I live in Culver City, not far from the Baldwin Hills, La Cienega or Inglewood oil fields. For as long I’ve been living there, close to 40 years now and for decades before, these pumps have been pumping oil with their slow moving up and down motion like the head of a grasshopper. Not a pretty sight, but you can get used to it. Recently there has been a neighborhood activist or environmentalist movement to try everything possible to stoke fear in the public to limit or possibly eliminate them all in the name of “protecting the environment”. The latest very fashionable weapon they’re trying to use is that these wells and the methods some of them use (namely “fracking”) is causing earthquakes, therefore they should be banned. But evidence shows that “fracking” has no influence on seismic activity in California. Since bashing “fracking” became so popular, I thought a discussion about “fracking” and earthquakes would be an interesting topic me to write about.

“Fracking,” or hydraulic fracturing, is done by pumping a high volume of water, chemicals and sand into the ground under high pressure to break or fissure rock formations to access hidden pockets of oil and gas. When they break or fissure these rock formations energy is being released. Fracking operations generally pressurize a small amount of rock for about two hours which causes extremely small micro seismic events, but nothing close to earthquakes. “The energy released by these tiny micro seismic events is equivalent to the energy of a gallon of milk hitting the floor after falling off a kitchen counter,” said Stanford University Geophysicist Mark Zoback, who was a government Energy Department advisor.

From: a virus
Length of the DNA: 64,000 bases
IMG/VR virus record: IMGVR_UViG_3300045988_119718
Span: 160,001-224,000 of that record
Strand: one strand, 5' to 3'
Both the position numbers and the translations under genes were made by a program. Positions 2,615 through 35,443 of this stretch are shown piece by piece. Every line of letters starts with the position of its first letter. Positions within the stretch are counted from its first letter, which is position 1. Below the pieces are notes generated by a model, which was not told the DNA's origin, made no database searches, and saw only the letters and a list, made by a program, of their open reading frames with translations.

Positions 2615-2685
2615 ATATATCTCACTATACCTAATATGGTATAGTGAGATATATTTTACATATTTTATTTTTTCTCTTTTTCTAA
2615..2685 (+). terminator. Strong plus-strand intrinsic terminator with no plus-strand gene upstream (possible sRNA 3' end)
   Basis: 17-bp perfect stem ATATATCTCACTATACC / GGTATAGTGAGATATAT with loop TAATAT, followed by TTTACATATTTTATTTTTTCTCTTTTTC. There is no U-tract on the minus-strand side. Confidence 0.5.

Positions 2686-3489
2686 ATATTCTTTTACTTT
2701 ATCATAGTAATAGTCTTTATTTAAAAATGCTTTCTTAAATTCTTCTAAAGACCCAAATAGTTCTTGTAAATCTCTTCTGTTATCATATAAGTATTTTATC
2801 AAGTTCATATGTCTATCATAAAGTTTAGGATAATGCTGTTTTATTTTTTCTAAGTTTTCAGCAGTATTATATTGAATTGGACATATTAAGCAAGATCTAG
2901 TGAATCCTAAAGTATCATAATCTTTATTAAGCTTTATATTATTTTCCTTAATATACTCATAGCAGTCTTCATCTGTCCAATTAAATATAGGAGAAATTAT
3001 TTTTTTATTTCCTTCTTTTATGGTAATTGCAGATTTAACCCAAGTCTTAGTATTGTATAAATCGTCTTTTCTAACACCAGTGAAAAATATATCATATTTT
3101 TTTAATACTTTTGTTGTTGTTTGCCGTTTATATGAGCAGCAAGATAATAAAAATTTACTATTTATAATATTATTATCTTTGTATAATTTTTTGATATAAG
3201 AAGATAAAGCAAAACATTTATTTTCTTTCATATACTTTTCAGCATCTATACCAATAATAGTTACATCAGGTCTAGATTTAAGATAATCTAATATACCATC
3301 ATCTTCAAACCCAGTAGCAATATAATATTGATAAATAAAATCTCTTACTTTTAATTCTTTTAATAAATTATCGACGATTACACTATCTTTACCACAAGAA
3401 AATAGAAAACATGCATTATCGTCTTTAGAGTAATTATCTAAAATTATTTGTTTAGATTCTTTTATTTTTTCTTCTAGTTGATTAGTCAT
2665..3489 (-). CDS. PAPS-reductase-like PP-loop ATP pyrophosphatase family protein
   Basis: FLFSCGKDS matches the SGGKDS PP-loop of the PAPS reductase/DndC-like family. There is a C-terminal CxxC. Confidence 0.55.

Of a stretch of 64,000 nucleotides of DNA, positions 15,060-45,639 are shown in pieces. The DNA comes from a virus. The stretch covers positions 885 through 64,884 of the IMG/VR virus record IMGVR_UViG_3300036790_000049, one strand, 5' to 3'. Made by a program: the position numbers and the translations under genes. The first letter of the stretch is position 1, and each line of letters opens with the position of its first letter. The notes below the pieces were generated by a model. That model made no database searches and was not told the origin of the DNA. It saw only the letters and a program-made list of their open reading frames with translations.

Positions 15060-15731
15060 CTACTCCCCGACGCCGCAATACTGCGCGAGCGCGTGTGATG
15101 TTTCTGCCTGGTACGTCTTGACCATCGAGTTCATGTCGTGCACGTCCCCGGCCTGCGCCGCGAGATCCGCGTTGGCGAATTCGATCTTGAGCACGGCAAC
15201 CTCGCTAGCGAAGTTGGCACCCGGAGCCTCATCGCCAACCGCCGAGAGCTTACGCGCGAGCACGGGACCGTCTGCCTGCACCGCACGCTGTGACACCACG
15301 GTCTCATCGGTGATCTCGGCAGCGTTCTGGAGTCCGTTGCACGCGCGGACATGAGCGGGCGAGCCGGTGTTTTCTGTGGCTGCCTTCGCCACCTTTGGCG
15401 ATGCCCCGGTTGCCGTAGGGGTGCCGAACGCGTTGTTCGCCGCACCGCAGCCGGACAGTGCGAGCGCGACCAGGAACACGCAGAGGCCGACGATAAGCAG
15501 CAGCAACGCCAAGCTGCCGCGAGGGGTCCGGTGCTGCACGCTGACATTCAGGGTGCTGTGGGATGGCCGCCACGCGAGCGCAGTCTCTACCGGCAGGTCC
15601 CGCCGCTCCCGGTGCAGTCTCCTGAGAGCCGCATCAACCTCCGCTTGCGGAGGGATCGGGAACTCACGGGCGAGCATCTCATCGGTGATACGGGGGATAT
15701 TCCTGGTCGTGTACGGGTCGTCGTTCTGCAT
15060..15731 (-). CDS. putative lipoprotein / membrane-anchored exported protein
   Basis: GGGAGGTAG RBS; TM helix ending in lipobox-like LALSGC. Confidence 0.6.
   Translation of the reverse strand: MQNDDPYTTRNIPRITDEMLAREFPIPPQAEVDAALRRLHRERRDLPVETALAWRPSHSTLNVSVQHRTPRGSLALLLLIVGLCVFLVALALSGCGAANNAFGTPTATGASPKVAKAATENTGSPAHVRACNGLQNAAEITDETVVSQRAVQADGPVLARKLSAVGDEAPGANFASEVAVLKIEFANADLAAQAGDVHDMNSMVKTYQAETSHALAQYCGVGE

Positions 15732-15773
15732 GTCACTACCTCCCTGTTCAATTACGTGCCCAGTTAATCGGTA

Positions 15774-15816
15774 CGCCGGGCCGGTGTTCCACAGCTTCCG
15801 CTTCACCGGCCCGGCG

“We also find that there is no evidence to suggest that hydraulic fracturing itself is the cause of any increased rate of earthquakes,” wrote David Hayes, deputy secretary of the Interior Department in a 2012 report.

U.S. Geological Survey seismologist Lucy Jones, a.k.a. “earthquake lady,” who appeared on so many TV interviews after the recent La Brea earthquake, said, “Induced earthquakes are almost always shallower than the recent La Brea or other earthquakes.”

To compare these “hydraulic fractioning micro seismic events” to an earthquake is grossly misrepresenting the truth. In one of my previous newsletter I touched on some basic knowledge about how earthquakes are induced by the earth’s moving crusts. If you remember the thickness of these crusts are about 20 to 30 miles deep. The depths of the oil wells, where rock formations are found for fracking, are only about a mile deep.

End of discussion. At least as far as earthquakes are concerned.

Other aspects of Fracking and its impact on the environment can and should be discussed, i.e. ground water contamination, using high volumes of water, a rather precious commodity for us here in California, safe disposal of the used fracking compounds, etc.

These were my thoughts. What do you think?

Leave a Reply